Security risk affected computer self-efficacy and locus of control but did not affect perceived functional benefit and perceived learner value directly. A learner may feel more confident and have a higher locus of control if he/she feels that during mobile learning there is no threat to his data privacy and security and his perceived security is high. Previous research has shown a direct relationship between security risk and the use of M-learning (Al-Adwan et al, 2018; Almaiah et al., 2020; Hamidi & Chvosshi, 2018) or an indirect effect (Nikou & Economides, 2017; Obiria & Kimwele, 2017).
Social factors affected computer self-efficacy and locus of control and again both perceived functional benefit, and perceived learner value. Social influence play’s an important role in learning and during mobile learning individuals when connecting to the right peers may find improved self-efficacy and locus of control leading to a higher level of perceived benefits and overall learning value. This confirms previous work that perceived social influence does affect M-learning adoption because peer acceptance leads to greater popularity and higher status symbol (Pramana, 2018; Sanchez-Prieto et al., 2019; Yeap et al., 2016; Shukla, 2021; Sidik & Syafar, 2020).
Finally, the mobile learning continuance could be explained by perceived functional benefit and perceived learner value. So, when the learner feels that they are receiving function benefit from mobile learning, they want to continue learning through this mode. The functional benefit could be ease of use or flexibility. Learners also look out for the learning value they gain for learning.
The mediation showed that the locus of control mediated the relationship between epistemological curiosity, security risk, social influence, and perceived functional benefit and between social influence and perceived learner value. All three aspects of mobile learning i.e., epistemological curiosity, security risk, and social influence effects perceived functional benefit through the locus of control, and the locus of control is also mediating the relationship between social influence and perceived learner value. Hence, locus of control is one aspect of the learner that helps in building a higher perception regarding functional benefits and learner value for the intention to adopt mobile learning. Perceived learner value mediated the relationship between self-efficacy and locus of control and mobile learning continuance and perceived functional benefit mediated between locus of control and mobile learning continuance.
The managerial implications can be many firstly the study provides a direction as to what the learner is looking for when learning through mobile learning, which has picked up during the COVID times. Learners are interested in learning new ideas and concepts and looking for more creative ways to satisfy their curiosity. They are looking out for a more secure platform where their personal information is safeguarded, and they can maintain confidentiality at their own pace and grades. They are also looking for more collaborative learning through mobile learning where they can connect with peers and friends who are interested in the same topics. This led us to understand the needs of learners when designing any content for M-learning.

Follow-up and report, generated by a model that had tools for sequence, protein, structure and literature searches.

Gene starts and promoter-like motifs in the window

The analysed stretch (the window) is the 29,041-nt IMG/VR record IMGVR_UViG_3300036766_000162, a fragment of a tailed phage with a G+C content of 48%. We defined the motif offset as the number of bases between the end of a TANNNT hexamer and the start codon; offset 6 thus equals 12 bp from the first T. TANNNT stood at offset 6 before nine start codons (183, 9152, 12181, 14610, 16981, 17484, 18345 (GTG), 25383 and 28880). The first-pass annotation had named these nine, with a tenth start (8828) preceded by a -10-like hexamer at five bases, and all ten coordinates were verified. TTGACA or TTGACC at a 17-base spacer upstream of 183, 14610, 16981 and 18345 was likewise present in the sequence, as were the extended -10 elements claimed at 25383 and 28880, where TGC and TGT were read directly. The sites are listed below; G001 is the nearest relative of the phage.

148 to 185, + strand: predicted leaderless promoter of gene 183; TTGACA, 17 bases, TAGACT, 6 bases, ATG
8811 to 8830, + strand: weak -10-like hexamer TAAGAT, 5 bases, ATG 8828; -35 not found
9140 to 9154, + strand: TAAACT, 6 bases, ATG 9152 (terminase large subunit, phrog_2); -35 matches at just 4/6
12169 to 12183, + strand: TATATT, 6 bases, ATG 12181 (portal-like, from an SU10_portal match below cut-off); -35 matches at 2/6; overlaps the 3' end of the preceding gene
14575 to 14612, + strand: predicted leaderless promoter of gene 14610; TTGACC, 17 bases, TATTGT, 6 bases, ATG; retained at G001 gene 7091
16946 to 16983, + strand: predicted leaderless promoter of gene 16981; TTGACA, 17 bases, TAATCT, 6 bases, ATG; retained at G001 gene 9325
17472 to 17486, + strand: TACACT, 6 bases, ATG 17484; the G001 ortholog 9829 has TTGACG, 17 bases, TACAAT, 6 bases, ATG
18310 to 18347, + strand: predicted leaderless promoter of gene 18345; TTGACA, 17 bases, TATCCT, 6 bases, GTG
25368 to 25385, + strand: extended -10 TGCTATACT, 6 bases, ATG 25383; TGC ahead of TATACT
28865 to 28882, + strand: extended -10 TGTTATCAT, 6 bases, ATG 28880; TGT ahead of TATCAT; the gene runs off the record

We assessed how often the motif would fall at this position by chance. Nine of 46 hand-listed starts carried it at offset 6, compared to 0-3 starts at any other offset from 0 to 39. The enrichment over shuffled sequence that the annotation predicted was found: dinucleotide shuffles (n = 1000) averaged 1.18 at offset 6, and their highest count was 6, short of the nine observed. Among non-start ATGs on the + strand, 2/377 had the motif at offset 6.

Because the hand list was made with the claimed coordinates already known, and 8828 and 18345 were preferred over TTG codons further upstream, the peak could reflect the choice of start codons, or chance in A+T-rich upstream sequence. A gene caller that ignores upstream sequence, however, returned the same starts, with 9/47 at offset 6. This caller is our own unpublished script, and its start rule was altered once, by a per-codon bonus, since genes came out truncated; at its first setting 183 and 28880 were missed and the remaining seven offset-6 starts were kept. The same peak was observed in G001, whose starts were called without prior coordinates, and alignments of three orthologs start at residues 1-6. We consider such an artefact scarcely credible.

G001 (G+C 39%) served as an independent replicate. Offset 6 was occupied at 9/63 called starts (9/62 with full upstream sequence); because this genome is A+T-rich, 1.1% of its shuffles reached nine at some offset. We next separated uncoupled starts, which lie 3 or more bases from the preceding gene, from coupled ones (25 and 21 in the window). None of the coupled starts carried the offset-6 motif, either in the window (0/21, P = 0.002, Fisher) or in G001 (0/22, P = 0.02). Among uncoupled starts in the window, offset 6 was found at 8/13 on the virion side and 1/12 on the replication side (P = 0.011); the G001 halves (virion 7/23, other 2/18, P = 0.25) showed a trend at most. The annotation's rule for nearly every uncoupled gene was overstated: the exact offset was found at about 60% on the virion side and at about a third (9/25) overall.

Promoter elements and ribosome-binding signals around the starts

Secondly, it is quite visible that the intention to continue learning on M-learning is impacted by two important criteria like perceived learner value and perceived functional benefit. Perceived functional benefit talks about useful learning through M-Learning like flexibility and pace are achieved and perceived learner value is the overall value gained by learning through M-learning. The biggest advantage of M-Learning is the ease and mobility achieved while learning as you can even look at the content while traveling.
Slowly with the emerging technology learner are looking out for avenues in which learning is not restricted to place or location and due to time constraints, they may view the contents at any time and submit their assignment while on the move. M-learning has broken all boundaries of learning and given extreme flexibility to the learner, which is the need of the day.
Limitations and future scope
The study was more focused on looking at the relationship between various aspects of Mobile learning and creating new hypotheses and building theory by testing the proposed conceptual model. Hence, the study took a small sample and used SAMRT PLS to create an SEM model. The future study can take a larger sample and confirm the proposed model. The same model can be tested in different cultural contexts to see its generalizability and look at specific factors suitable for each culture.
The study considered only three aspects of M-learning epistemological, social, and security risk, but future studies can look into other factors, which could be relevant for generating perceived functional benefit and learner value in the context of M-learning. More in-depth studies can be undertaken to understand the sub-dimension of epistemological curiosity and how the content developed for M-learning can help satisfy the creativity of learners.
Mobile learning is catching up fast due to time constraints and the amount of flexibility needed by the learner. Many countries including India have improved their connectivity and availability of Wi-Fi on mobiles. Individuals prefer to use their mobile phones for all their day-to-day activities like online payment and shopping. The use and acceptability of mobile phones have gone to the grassroots in India. Learning through mobile can be one great way to impart learning to all socio-economic levels in society and spread learning in a faster yet more acceptable way.
Availability of data and materials
The datasets generated during and/or analyzed during the current study are available from the corresponding author upon reasonable request.
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Kashive, N., Phanshikar, D. Understanding the antecedents of intention for using mobile learning. Smart Learn. Environ. 10, 34 (2023). https://doi.org/10.1186/s40561-023-00253-x
- Mobile learning acceptance continuance
- Security risk
- Perceived functional benefits
- Perceived learner value